Do you have a bucket list?  I certainly do.  My general bucket list includes trying to get a book in print that I have been working on for about four years now.  And anybody who knows me well, knows that my list includes visiting as many of America’s national parks as possible.  And with our grandson, eventually driving all 2,451 miles of historic Route 66 is on my bucket list.  Those are a few of my personal bucket list items; certainly not as grand, but similar to those of Chambers and Cole in the movie.

I am sure some of you may have similar bucket list items involving national or international travel, professional advancement or change in career, educational attainments, or even a list of books you hope to read before year’s end.  Items on a personal bucket list don’t have to be earth shattering to be important to us.  Several years ago, my bucket list included spending the cold, snow-filled winter days reading a stack of literary classics that I had somehow missed in the course of my college and graduate programs.  So I spent several cold, winter days reading the works of Charles Dickens, Dostoevsky, and others.

But there are different categories of bucket lists, you know.  In addition to the “things I want to do” bucket lists, we might also give consideration to the “things I want to BE,” or “how I want to change” bucket lists.

Enter the Apostle Paul.  In the first chapter of Romans, for example, Paul shares that one of his primary goals – i.e. “bucket list” items – was taking the gospel he was preaching to Rome, the center of the then known world.  Paul knew that if he could establish a Christian church in Rome, then there was a good chance that this Christian message could spread to the whole world, since Rome was at the crossroads of the world and as the saying went, “all roads lead to Rome.”  And vice versa, all roads exited from Rome.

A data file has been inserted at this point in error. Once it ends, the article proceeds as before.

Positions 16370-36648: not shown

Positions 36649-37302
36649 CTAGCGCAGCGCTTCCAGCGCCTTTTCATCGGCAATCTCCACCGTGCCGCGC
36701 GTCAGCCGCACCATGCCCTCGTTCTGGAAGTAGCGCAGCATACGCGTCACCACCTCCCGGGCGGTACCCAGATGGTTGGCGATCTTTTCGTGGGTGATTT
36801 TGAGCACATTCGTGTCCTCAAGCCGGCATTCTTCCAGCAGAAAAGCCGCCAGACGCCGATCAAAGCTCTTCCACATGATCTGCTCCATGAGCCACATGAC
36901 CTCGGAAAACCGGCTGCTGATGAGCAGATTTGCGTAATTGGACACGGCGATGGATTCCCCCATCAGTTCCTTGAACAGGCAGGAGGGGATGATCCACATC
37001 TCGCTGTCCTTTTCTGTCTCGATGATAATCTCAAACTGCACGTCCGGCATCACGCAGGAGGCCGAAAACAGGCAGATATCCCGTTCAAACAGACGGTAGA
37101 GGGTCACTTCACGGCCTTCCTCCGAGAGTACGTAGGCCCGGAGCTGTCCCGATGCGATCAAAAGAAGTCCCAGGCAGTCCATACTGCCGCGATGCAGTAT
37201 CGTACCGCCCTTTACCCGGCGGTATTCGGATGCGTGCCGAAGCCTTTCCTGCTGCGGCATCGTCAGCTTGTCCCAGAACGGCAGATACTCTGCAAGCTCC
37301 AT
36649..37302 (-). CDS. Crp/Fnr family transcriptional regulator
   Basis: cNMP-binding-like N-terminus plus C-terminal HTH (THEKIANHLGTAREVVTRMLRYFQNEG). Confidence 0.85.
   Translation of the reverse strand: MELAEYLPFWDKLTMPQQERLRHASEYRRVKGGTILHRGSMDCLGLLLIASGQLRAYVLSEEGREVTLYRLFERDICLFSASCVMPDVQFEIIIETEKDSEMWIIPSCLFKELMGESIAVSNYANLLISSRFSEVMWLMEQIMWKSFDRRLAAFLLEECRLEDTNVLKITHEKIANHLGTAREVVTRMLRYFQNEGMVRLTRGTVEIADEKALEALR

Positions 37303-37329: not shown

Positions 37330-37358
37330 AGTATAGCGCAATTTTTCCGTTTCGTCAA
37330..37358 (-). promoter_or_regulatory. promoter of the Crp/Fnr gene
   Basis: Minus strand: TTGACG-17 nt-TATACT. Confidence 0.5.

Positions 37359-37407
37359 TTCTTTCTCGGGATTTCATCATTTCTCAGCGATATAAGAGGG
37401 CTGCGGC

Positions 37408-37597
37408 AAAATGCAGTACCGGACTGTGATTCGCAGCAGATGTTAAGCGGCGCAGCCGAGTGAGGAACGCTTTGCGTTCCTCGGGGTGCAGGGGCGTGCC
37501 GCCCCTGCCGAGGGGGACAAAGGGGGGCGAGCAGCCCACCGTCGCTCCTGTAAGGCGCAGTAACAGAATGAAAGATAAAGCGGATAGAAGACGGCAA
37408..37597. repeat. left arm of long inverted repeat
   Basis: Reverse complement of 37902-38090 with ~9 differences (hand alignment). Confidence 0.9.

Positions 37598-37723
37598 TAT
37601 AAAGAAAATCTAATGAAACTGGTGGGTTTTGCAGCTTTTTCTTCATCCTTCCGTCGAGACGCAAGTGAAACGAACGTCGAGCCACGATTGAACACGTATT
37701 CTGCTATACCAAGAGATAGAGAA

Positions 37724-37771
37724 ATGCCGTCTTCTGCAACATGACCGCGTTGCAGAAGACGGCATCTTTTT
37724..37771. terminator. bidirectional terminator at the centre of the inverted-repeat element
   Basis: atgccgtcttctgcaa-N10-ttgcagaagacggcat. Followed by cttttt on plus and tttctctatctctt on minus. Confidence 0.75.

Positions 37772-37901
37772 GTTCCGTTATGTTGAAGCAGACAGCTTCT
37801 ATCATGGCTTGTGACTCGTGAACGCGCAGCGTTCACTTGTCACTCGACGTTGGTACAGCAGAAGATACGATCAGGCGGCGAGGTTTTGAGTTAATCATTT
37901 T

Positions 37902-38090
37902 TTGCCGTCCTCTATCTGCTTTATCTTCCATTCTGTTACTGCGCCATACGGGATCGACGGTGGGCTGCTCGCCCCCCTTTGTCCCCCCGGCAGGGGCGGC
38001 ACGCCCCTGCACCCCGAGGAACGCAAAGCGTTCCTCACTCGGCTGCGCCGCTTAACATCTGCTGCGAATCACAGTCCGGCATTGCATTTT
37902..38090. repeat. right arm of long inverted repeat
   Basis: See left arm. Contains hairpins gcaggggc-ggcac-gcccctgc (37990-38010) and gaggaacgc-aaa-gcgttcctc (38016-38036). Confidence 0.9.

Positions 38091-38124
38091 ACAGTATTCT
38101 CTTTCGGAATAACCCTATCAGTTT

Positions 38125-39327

But Paul’s “bucket list” went deeper, I believe.  His passage that I read from Philippians is a most appropriate passage when considering bucket lists and when commencing the New Year.  Now, Paul doesn’t use the term “bucket list,” obviously.  But in this passage, Paul speaks of succeeding, perfection, striving, goals, and spiritual maturity.  In other words, Paul had a spiritual bucket list.  He kept striving to become the person he believed God wanted him to be.  He kept straining toward the goal of the high calling he felt upon his life.  He worked to prove himself worthy of the great task he felt had been entrusted to him.

We should have a similar spiritual bucket list, I believe.  Each of us should be striving toward spiritual goals and greater personal maturity.  Each of us, I dare say, could be a better person than we are when it comes to self development and the way we relate to others.  I am reminded of another character Jack Nicholson played, Melvin Udall, in the movie As Good as It Gets, and the iconic line he utters in that movie – “You make me want to be a better man.”  Doesn’t each of us want to be a better man and better woman, personally speaking?

Most of us could stand at least a little bit of improvement when it comes to personality development and spiritual qualities such as kindness, gentleness, understanding, forgiveness, thoughtfulness, selflessness, generosity, and so on.  Most of us could make a point to find more joy in life and bring more joy to others.  I love that quote from The Bucket List where Carter Chambers shares the belief of the ancient Egyptians as he and Edward Cole are sitting at the Pyramids and the question asked when souls reached the entrance to heaven: “Have you found joy in life?  Has your life brought joy to others?”  None of us can ever have too much joy, and none of us can ever share too much joy.